Tight and loose16 Mar 2022, Posted by Uncategorized in
Years ago, as part of a mindfulness training, the wonderful meditation teacher Ed Halliwell, drew a line on a page. TIGHT and one end. LOOSE at the other.
How do you live your life? he asked.
But he had barely started writing when I was laughing out loud. What could it possibly look like to live your life LOOSE? What ….!? I had no recognition of that way of being.
It shocked me.
So for years now, part of my own work has been to loosen the way I am on the inside, and in the ways I show up in the world. It’s slow work – loosening that tightness.
When working with OD consultants and anyone who feels they’re in a ‘helping’ job in organisations or leading change, I see a few things:
• I have to get this right
• What’s the solution to this problem?
• What should I be doing?
• How can we fix this?
• This intervention has to change x
• We have to work at pace.
I still see these in myself sometimes too and sometimes:
• This is connected to the Rescuer in the Drama Triangle
• And/or connected to the helper’s need to be a hero or heroine
• There’s an addiction to helping others, a co-dependency, perhaps
• It’s to do with need to prove our worth in a function that’s not always fully respected.
I know these things in me too. And there’s another thing I recognise in me too, and that’s the belief that I can make a difference. And that I should.
As laudable as that is as an aim, I am coming to see that it’s not always a helpful belief to hold because it makes me work TIGHT.
So what helps me work LOOSE? Or a bit looser, anyway!
In part, I think it happens naturally because I’m older and I care a bit less about certain things. I feel the strength in that. This is just something that has developed over time and is the result of a lot of ‘chop wood, carry water’.
But I also have some bits of philosophical thinking that keep me good company on this journey.
These phrases (that are so much more than that) help me manage my own grandiosity, rein in the feeling that I should or possibly even could make any meaningful difference. They help me lean back a bit. They help me find more spaciousness in my practice.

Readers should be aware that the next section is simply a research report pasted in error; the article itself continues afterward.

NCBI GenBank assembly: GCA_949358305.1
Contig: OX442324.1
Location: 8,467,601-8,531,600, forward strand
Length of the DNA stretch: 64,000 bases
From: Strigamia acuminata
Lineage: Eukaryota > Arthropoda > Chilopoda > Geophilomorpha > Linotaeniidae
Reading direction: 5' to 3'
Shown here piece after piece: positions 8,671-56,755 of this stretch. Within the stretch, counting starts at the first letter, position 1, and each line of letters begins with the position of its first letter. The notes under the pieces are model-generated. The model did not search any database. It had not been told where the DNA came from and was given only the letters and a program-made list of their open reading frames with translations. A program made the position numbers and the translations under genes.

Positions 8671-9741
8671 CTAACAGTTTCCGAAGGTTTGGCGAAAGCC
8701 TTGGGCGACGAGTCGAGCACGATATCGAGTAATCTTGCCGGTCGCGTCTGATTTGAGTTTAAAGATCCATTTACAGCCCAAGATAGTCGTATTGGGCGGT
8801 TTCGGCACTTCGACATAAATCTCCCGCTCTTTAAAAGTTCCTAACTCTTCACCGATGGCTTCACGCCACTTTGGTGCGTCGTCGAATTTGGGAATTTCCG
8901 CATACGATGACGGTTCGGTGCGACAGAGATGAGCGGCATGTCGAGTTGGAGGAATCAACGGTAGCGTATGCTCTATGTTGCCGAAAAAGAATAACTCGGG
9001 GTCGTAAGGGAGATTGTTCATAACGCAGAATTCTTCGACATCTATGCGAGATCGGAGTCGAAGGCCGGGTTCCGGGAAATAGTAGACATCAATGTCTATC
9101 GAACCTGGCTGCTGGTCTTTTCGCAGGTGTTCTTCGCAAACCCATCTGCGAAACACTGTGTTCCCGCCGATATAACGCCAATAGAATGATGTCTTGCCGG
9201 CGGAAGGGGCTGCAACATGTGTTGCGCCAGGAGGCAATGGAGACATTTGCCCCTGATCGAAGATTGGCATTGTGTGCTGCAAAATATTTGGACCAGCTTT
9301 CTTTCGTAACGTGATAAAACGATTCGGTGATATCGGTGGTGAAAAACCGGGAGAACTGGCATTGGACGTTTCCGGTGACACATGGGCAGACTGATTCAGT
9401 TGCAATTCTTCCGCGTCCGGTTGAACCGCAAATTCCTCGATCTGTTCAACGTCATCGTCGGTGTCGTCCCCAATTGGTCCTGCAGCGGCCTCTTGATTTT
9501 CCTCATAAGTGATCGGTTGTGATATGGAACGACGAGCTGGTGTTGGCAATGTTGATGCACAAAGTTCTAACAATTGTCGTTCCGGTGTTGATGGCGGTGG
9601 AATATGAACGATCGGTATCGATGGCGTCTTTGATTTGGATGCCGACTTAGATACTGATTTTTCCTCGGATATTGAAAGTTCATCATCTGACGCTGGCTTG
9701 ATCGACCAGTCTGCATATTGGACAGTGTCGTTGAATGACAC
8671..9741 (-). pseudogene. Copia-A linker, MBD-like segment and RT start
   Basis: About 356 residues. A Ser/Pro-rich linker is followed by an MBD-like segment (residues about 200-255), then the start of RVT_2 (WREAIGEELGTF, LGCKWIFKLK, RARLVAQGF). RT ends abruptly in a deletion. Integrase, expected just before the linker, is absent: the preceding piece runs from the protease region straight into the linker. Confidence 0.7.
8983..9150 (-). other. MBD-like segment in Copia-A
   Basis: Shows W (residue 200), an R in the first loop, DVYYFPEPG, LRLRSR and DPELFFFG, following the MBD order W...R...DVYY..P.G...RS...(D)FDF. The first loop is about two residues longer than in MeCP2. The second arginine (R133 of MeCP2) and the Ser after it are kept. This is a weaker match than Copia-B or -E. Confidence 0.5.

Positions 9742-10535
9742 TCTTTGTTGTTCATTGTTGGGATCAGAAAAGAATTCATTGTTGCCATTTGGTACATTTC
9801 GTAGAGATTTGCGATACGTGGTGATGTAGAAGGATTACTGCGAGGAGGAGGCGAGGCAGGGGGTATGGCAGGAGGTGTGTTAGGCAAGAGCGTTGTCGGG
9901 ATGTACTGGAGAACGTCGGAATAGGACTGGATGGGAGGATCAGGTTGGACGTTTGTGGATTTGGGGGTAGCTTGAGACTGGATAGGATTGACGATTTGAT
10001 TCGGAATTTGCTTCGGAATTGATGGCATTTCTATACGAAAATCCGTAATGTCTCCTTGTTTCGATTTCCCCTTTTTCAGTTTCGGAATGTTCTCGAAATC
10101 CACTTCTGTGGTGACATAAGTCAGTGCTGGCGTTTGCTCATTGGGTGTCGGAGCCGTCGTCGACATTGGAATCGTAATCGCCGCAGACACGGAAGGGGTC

Here they are:
‘Be water, my friend’.
From Bruce Lee, you’ll find the full quote here. If I ever had a tattoo, it would be this. And if I can be more like water for my clients (and everyone around me, for that matter) that would be a good thing.
‘I really don’t mind what happens next’.
This I find really hard. I notice I often DO mind. That’s my love of control kicking in and so it’s an ongoing practice for me, to let go of attachment to outcomes. And nowhere more so that with my clients. The quote comes from the philosopher Krishnamurthi. When someone asked him for the secret to his great serenity, that’s apparently what he said.
‘Show up, speak my truth and let go of the consequences.’
This came from a supervisor when I was training with The Hoffman Process. Each part of this has its challenges for me in my OD practice.
‘When I surrendered, that’s when things really started to happen’
From the wonderful Gina Holland, of Celebration of Being when she and I were exploring the balance between making things happen and letting things happen – and what becomes possible when we ‘get out of the way’.
‘You didn’t cause this, you can’t control this, you can’t cure it’.
Coming from the Al-Anon literature, for family and friends of alcoholics, this phrase could also be written for those of us who are addicted to trying to fix organisations, who are addicted to their own patterns.
‘If you’re working harder than your client then something is wrong’.
A common challenge offered to many of us (and certainly me) in much coaching supervision, it’s also applicable in any consulting or helping role.
‘Detach with love’
Also from the wisdom of Al-Anon, this reminds me that I can separate, create physical or emotional boundaries and still retain a loving connection.
So wherever you are on the TIGHT/LOOSE spectrum, I hope there’s been something for you in here.
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